Although extensive, our analysis is limited to risk factors for which effect sizes and country-level exposure data were available. The global nature of the study required approximations (e.g., using exposures estimated among women of reproductive age as a proxy for maternal exposures, or estimating the impact of risk factors on stunting through a mediator rather than directly on stunting). Finally, as is standard in global risk factor analyses, we used the effect size of risk factors on stunting from meta-analyses of epidemiological studies and assumed that proportional effects were fairly similar across countries.

Conclusions - FGR and unimproved sanitation are the leading risk factors for stunting in developing countries. Reducing the burden of stunting requires a paradigm shift from interventions focusing solely on children and infants to those that reach mothers and families and improve their living environment and nutrition.]]>
Nutrition and WASH (including stunted growth) Tue, 08 Nov 2016 16:58:41 +0000
Re: Engaging Households in Dialogue to Design WASH and Nutrition Interventions in Sierra Leone - by: Esther
I read SPRING WEBSITE 'TIPS' with interest and congratulate you with the findings. It certainly proved the knowledge to consult user of the WASH project first before implementing it. We have been conducting WASH in 88 villages since 2012 here in Henganofi district of Papua New Guinea.

If I may introduce you to CLTS hub/ website. It is called Community Led Total Sanitation. the sites has training manuals we have been using to effect the behaviour of communities to initiate sanitary facilities and hygiene practises. I hope you find the site and the materials useful in your work.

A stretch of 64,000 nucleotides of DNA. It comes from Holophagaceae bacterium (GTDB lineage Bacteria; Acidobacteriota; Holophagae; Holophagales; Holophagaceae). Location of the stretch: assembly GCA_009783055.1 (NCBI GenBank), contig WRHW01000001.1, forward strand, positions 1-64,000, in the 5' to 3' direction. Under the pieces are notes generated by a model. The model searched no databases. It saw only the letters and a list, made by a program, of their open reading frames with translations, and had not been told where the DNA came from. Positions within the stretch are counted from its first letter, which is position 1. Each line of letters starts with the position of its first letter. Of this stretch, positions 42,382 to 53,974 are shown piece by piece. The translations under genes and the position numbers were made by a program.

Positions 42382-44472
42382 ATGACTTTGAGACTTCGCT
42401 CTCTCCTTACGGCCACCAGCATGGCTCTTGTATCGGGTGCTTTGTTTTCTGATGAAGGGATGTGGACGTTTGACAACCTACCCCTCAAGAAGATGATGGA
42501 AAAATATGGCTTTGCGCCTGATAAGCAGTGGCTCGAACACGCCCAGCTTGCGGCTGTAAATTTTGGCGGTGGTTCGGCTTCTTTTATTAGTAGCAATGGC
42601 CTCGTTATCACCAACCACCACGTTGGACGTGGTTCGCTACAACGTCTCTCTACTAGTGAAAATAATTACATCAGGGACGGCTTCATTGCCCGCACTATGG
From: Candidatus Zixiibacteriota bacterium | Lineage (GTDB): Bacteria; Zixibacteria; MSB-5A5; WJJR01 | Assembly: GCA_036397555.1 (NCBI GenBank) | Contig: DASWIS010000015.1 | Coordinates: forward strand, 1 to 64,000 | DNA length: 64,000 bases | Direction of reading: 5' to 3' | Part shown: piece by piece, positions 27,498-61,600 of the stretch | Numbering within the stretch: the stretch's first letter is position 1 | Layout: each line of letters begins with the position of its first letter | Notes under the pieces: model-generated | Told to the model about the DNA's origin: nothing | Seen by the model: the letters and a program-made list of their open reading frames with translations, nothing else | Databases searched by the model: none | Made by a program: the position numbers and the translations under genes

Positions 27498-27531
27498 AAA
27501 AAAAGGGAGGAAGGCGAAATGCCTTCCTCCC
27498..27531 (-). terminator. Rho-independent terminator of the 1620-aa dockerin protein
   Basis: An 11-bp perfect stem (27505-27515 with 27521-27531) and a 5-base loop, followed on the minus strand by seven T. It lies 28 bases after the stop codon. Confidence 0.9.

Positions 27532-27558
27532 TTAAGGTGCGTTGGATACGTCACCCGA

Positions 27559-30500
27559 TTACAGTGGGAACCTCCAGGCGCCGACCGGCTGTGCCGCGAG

Wish you well and success in your work.

Cheers from
Nutrition and WASH (including stunted growth) Sat, 22 Oct 2016 06:08:34 +0000
Re: WASH & Nutrition events at the Stockholm World Water Week 2016 - by: Jona
Nutrition and WASH (including stunted growth) Tue, 20 Sep 2016 14:22:56 +0000
Re: WASH & Nutrition events at the Stockholm World Water Week 2016 - by: Jona
Please find here the notes from our SuSanA WG12 Meeting in Stockholm along with the presentations (even though they were not presented during the meeting).

A more extensive documentation of SuSanA events, you can find here:

It is great to see so much of activity at the WASH & Nutrition link. Looking forward to continue to building bridges.

Nutrition and WASH (including stunted growth) Wed, 14 Sep 2016 11:16:20 +0000
Re: WASH & Nutrition events at the Stockholm World Water Week 2016 - by: Jona
I would like to share the updated agenda with you for the Working Group 12 Meeting in Stockholm (Tuesday, 30 August, 2pm - 3:30pm).

Please bear in mind that the number of participants is unfortunately limited due to the room capacity.

See you there!


P.S.: Did you nominate your water hero?]]>
Nutrition and WASH (including stunted growth) Wed, 24 Aug 2016 14:20:32 +0000
Engaging Households in Dialogue to Design WASH and Nutrition Interventions in Sierra Leone - by: jpietropaoli
In May-June 2016, SPRING used Trials of Improved Practices (TIPs), a qualitative research methodology, to allow household members in the Tonkolili district of Sierra Leone to select improved WASH and nutrition behaviors for trial in their households.